From Kentucky to Canada, a Legendary Pie

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stu spivack/flickr

To try Jen's chocolate nut pie, a ubiquitous race-day sweet, click here for a recipe.

Today, the 136th Kentucky Derby takes place in Louisville, and whether or not you're a gambling man (or woman), the annual event is the perfect excuse to try Derby Pie: one of the sweetest, richest pies ever to come out of Kentucky.

Let me get one thing out of the way: I'm not the most qualified person to write about Derby food. I'm not into horse racing, D.C. is the farthest south I've ever lived, and I'm more likely to pick a mojito over a Mint Julep—the official Derby drink—any day. As if that wasn't enough, the only "derby" I've ever attended was the annual Chicken Derby that took place in my rural Canadian hometown of 2,000 people—not exactly a dramatic cultural event.

So how did this Northern-bred girl find out about nutty, gooey Derby Pie, which is nearly as dear in Kentucky as bluegrass and barbeque? As with all the best culinary discoveries, it happened in a roundabout way. Back in the fall of 2000—fresh off my second year of university—I decided to take a year off to volunteer abroad. At the time, I was waiting tables to put myself through school, and every September, our country restaurant hosted a Fall Fair on its large grounds. When the usual pie seller backed out of her post, my boss asked me if I'd like to sell pies at the fair as a fundraiser for my trip. The price of my series of flights to Europe, Africa, and back flashed before my eyes, and I accepted her offer.

On the first evening of the fair, a Thursday, I sat under an umbrella trying to guard my meringues from rain. I sold a few slices, and at the end of the night, I wrapped up the rest, hoping for better luck the next day. Friday brought sunshine and better traffic, but too many of my grandma's picture-perfect bumbleberries were still unclaimed. The next day I sold out. After a long shift in the restaurant, I raced home to make 18 last-minute pies for Sunday, and my mom bestowed upon me every trick known to pie-makers. We sliced apples and peaches, and defrosted bags of blueberries, hundreds of memories of August poured into a crust. When the fresh ingredients ran out, she pulled out another trick: gathering pecans and chocolate chips from the pantry, we set to work on five strange, fruitless pies. When I asked her what to write on the sign for this new pecan pie meets chocolate chip cookie, she said simply, "Derby Pie."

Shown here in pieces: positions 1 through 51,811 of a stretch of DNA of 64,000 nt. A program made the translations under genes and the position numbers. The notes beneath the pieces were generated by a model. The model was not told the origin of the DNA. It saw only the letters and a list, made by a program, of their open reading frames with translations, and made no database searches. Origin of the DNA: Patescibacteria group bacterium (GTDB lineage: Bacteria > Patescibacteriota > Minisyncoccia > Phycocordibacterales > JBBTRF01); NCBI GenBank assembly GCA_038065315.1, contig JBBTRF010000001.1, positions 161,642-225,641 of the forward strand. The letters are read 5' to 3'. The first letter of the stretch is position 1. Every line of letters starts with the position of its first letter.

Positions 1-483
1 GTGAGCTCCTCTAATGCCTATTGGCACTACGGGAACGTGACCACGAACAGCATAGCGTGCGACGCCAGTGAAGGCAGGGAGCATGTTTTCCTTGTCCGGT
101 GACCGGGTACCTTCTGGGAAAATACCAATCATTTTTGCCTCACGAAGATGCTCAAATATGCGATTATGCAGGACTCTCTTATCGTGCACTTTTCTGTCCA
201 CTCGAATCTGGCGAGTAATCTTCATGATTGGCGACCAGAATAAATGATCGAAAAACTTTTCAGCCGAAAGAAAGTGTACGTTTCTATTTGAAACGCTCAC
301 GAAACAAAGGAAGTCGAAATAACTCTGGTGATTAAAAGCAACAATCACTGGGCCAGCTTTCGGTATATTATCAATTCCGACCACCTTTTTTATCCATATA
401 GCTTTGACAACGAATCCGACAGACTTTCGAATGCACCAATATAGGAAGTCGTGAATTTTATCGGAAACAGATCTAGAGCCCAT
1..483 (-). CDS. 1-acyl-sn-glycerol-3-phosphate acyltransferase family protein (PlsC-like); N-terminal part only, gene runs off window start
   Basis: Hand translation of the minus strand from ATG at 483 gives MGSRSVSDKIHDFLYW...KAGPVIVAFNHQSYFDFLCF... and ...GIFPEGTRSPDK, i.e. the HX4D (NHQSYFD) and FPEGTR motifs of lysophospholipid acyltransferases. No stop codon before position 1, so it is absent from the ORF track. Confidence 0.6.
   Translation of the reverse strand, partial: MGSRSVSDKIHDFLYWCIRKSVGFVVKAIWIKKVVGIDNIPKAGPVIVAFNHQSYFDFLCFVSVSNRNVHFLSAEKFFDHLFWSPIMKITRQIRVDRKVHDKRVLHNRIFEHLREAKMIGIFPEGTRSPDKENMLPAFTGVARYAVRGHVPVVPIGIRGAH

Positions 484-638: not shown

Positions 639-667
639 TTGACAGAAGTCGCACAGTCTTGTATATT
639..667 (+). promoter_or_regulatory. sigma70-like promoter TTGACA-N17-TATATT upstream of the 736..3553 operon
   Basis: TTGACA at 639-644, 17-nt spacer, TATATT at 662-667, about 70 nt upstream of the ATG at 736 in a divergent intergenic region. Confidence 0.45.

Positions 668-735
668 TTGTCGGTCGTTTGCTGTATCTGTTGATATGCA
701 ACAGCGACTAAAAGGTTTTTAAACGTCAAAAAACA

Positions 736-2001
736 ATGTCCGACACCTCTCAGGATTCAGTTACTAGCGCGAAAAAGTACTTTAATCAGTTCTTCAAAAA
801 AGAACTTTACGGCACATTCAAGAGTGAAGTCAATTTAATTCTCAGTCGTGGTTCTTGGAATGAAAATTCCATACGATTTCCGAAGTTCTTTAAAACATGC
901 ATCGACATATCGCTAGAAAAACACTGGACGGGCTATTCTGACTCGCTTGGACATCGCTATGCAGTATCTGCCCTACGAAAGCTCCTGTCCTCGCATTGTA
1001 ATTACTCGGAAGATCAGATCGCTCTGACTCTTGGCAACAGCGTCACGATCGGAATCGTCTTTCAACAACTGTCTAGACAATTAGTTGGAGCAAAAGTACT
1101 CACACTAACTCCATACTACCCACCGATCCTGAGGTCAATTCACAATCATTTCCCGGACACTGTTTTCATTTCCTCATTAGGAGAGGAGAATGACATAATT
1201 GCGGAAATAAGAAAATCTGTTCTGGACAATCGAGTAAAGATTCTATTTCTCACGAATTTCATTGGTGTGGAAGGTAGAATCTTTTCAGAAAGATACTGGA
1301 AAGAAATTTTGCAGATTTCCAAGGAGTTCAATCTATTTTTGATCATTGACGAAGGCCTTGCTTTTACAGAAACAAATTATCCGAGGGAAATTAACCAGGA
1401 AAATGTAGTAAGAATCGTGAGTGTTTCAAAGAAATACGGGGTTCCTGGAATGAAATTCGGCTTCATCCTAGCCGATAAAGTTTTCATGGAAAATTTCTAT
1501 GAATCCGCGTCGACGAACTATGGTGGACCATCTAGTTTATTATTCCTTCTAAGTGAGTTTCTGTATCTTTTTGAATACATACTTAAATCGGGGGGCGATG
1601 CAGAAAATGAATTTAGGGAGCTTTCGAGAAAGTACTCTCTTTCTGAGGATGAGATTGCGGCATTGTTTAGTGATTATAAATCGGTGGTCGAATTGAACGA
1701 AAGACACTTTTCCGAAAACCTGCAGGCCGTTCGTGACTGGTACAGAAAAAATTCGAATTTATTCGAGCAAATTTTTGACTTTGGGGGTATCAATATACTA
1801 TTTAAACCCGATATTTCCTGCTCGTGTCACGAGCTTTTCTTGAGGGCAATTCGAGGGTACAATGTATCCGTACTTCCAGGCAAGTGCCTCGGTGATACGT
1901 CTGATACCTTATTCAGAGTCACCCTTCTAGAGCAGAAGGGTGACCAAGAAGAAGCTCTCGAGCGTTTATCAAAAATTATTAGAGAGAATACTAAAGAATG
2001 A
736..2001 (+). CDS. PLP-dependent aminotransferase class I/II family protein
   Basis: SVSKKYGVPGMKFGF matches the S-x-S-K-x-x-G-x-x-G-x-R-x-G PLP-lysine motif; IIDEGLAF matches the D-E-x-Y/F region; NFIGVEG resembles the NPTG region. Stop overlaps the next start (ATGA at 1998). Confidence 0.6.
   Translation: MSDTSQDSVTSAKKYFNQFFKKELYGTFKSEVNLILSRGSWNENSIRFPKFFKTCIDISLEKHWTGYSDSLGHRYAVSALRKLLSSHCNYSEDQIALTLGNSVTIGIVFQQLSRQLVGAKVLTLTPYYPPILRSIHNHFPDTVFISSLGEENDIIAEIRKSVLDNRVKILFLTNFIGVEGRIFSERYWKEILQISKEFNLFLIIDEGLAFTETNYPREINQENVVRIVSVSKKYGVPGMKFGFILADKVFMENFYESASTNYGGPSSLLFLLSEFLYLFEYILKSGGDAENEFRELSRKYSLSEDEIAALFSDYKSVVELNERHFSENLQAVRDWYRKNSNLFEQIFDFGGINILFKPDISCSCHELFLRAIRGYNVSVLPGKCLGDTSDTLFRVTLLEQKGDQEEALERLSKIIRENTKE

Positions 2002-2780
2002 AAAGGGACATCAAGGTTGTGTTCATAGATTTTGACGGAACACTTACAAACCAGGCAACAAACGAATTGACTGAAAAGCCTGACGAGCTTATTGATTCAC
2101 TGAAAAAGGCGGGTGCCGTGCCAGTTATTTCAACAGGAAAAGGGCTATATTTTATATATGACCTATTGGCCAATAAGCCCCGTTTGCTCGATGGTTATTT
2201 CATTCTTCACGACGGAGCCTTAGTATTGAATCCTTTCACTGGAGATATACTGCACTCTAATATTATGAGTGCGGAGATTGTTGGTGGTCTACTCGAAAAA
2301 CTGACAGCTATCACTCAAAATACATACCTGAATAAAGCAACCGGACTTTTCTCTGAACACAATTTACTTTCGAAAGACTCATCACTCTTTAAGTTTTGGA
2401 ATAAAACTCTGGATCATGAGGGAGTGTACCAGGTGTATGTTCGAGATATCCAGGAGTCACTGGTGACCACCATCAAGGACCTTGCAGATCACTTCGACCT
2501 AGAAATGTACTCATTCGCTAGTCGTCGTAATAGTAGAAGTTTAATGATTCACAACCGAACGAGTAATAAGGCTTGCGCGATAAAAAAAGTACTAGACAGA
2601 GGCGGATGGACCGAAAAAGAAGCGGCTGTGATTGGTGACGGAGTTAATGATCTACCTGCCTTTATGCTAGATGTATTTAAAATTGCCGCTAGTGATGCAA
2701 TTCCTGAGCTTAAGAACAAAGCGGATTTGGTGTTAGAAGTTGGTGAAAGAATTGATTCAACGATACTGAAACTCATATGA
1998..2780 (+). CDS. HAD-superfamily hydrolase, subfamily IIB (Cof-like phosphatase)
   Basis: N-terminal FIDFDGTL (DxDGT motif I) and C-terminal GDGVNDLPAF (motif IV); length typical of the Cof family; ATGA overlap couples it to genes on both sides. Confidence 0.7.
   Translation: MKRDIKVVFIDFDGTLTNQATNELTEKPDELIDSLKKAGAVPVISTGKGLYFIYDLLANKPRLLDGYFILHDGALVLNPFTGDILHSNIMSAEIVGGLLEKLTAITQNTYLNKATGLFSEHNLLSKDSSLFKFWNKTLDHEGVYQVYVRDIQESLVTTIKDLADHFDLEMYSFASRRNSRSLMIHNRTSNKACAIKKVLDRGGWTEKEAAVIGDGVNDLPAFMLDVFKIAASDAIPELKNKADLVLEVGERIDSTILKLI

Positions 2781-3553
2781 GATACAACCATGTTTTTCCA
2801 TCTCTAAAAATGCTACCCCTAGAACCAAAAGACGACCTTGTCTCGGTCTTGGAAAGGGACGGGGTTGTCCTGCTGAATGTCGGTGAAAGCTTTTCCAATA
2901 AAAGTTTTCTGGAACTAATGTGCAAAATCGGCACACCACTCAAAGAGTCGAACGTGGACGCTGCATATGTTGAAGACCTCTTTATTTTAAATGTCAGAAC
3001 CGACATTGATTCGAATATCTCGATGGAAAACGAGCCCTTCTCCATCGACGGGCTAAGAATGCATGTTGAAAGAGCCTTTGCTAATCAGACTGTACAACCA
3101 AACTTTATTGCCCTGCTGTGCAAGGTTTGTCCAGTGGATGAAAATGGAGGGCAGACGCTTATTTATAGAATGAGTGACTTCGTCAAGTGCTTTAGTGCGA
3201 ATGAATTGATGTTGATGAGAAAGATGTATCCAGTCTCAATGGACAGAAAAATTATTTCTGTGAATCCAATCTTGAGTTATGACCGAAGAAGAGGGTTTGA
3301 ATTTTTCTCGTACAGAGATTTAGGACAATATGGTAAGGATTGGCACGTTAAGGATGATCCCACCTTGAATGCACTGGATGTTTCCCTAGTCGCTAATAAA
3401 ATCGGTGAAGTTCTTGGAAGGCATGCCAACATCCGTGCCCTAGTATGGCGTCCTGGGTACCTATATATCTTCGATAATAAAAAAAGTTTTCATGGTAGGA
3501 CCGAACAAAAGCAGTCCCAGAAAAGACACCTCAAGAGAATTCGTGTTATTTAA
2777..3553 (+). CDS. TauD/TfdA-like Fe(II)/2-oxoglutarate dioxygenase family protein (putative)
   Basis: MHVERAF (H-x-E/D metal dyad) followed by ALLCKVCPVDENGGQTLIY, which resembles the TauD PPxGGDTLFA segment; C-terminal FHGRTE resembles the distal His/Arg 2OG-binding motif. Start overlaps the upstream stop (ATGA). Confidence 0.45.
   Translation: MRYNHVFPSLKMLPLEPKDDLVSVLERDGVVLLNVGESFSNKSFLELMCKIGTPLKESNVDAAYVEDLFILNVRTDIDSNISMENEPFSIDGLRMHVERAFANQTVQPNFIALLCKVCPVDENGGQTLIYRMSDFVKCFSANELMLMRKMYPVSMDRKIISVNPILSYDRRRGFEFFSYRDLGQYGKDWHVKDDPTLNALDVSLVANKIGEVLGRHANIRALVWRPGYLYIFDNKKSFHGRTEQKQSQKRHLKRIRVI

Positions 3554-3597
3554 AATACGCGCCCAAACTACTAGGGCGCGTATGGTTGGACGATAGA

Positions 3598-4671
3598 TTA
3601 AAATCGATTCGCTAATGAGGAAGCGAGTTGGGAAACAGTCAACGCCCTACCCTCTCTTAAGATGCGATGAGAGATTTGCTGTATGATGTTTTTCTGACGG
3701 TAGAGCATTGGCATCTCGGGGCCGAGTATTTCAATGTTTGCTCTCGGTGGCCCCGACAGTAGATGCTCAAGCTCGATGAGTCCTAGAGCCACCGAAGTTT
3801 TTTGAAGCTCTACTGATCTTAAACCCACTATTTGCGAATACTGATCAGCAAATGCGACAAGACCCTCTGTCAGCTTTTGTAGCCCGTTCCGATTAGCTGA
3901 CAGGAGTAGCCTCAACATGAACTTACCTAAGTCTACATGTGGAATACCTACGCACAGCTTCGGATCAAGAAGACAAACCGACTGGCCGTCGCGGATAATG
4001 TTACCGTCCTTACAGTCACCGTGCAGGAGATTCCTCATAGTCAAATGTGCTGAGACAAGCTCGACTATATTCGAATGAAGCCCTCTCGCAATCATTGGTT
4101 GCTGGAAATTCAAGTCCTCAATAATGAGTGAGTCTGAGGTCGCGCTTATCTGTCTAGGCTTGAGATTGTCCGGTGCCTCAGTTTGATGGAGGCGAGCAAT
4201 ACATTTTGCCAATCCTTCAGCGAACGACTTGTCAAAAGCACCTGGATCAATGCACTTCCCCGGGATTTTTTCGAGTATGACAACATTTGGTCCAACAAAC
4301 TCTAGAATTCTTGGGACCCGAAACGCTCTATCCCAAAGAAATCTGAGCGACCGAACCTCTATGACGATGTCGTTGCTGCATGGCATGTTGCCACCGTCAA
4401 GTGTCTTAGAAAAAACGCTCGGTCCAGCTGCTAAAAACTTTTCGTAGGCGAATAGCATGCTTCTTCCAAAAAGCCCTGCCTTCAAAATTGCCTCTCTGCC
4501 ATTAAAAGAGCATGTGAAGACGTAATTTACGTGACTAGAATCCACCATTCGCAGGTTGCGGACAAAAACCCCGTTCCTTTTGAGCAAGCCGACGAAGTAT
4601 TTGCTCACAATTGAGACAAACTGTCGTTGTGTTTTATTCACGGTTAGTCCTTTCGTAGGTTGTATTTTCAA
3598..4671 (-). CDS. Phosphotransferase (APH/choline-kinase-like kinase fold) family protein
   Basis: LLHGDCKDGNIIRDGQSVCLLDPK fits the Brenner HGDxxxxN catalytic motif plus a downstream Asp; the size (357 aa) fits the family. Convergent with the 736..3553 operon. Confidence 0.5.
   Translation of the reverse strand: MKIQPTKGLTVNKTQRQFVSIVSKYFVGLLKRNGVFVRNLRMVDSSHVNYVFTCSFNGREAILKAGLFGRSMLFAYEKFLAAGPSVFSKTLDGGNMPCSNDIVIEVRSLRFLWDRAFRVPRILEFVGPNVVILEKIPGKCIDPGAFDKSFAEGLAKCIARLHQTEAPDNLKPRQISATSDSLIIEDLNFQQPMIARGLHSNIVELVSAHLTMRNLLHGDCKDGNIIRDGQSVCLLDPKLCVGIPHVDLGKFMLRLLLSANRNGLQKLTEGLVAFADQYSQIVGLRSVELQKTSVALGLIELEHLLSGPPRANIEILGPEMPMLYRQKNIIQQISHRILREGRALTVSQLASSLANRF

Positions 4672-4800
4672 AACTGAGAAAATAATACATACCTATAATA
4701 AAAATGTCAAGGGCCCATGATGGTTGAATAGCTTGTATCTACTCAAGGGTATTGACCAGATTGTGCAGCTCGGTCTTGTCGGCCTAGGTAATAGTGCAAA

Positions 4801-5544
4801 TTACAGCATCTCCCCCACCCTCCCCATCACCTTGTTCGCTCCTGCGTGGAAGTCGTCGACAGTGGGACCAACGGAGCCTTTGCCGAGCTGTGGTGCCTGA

When I heard people talking about the Kentucky Derby this week, the pie that seemed to materialize out of nothing jumped back to mind. Was this late-night quick fix indeed connected to one of the most prestigious horse racing events in the world? I called my mom, and asked her where she got the recipe. It was from her friend who lives in the Canadian Maritimes. No interesting back story, as far as she knew. No long-lost Kentucky family member or Southern stint my mom had never told me about. Just one recipe, scribbled down in one of her messy recipe notebooks.

Introducing chocolate to pecan pie wasn't my mom's friend's innovation. That honor was George Kern's, and it happened in 1950 at his parents' Melrose Inn, in Prospect, KY. The Kerns apparently worked diligently to come up with a signature dessert, and when they did, they patented the name "Derby-Pie"—a name they picked out of a hat—in 1968. When the original owners' grandson Alan Rupp took over the business, he took the exclusive combination of nuts and chocolate more seriously than any of his predecessors. Over a span of five years, both a cookbook and the Bon Appetit magazine lost lawsuits when they referred to "derby pie" as a generic term, like apple, or pumpkin varieties. Rupp must have loosened the reigns at least a little since his litigious stint in the 1980s, because now, imitation derby pies are all over Internet recipe sites. Kern's Kitchen, the manufacturer of what the state calls its "official dessert," doesn't seem to be in too much trouble though. According to a recent article in the Louisville Courier-Journal, Churchill Downs will serve between 20,000 and 25,000 slices of the pie today. And I bet they're more than the two bucks a slice I charged at my fundraiser—without whipped cream or a good cause.

If this pie doesn't suit your craving for Kentucky cuisine, you could always try whipping up some burgoo or bourbon balls. But my money's on the pie.

Recipe: Jen's Chocolate Nut Pie